Has someone in your life just passed away? Bereavement is a normal response to a death, and it includes a wide variety of grieving and mourning responses.
Sometimes, we can make a bad thing worse. Learning to let go is a process, and we can make it easier by first letting go of beliefs that block our healing.
Rational Emotive Behavioral Therapy (REBT) was founded by Dr. Albert Ellis in 1955. Still in use internationally, it teaches that how we feel and behave are largely a result of what we think and believe to be true.
If you are experiencing unhealthy negative emotions in relation to grieving, using ideas from REBT can help.
What are unhealthy negative emotions? Not all negative emotions are unhealthy. Emotions which, over time, lead to negative outcomes physically, emotionally, behaviorally, or socially are considered unhealthy negative emotions. They include depression, anger/rage, anxiety/panic, embarrassment, guilt, and shame.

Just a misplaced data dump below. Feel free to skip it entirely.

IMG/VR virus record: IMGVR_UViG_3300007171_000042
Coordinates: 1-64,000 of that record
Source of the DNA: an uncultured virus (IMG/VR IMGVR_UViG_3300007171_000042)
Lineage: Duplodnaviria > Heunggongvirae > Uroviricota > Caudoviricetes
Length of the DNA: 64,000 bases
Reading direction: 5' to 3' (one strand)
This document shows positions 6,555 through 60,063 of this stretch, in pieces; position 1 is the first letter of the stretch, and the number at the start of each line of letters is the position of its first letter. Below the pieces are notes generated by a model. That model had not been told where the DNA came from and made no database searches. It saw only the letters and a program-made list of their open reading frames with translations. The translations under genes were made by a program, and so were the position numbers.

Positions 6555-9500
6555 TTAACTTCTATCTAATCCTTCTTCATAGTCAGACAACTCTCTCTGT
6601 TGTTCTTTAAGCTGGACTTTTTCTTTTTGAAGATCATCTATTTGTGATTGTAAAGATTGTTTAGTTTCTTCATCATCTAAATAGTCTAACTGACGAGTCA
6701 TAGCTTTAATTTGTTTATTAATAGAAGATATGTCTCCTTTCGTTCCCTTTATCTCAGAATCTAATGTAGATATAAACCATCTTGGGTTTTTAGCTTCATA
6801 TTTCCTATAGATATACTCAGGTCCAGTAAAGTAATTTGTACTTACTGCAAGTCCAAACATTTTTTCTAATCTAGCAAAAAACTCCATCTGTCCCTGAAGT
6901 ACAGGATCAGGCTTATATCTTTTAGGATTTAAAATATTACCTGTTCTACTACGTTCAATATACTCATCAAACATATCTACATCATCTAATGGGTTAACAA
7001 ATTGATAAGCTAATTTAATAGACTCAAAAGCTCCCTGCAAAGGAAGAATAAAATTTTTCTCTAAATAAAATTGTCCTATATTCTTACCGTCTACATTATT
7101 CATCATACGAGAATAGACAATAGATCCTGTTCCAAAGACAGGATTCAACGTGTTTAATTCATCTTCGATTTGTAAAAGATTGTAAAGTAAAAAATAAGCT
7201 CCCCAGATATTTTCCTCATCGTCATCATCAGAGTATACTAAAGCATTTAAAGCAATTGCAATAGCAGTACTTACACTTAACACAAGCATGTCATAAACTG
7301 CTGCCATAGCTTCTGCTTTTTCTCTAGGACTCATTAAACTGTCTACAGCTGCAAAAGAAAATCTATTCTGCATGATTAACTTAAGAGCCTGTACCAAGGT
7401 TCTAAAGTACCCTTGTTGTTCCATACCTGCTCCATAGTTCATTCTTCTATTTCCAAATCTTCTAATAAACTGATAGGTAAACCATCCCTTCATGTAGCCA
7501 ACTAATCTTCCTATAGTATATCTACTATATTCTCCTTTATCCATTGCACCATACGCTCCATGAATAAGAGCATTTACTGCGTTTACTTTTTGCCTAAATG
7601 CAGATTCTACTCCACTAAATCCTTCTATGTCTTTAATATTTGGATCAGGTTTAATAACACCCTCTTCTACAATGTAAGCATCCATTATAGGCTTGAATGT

What's a sign that my negative emotions have become unhealthy? One sign is that they've lead to dysfunctional behaviors to alleviate them (such as substance abuse, procrastination, acting-out, self-harm, rage attacks, and more). Complicated bereavement might be curtailed by reducing unhealthy emotions during your mourning.
What causes unhealthy negative emotions? Self-disturbing ideas that you believe and reinforce cause these. As you reinforce these, you trap yourself into the ideas and the patterns they create. Learning to use REBT can release you from these traps.
Here are 6 idea-traps that some people have about grief and REBT arguments to get you out of these traps.
REBT encourages you to realize that it is normal to have thoughts and feelings in response to a loss; if you release your imperatives and decrease self-disturbing ideas, a loss that is already very hard doesn’t have to become too hard.
To learn more about techniques for talking to yourself and learning to shift your mood and behavior, check out The REBT Super Activity Guide and visit http://www.myinnerguide.com for teleseminars on various psychology topics.
photo credit : Pam Garcy © 2013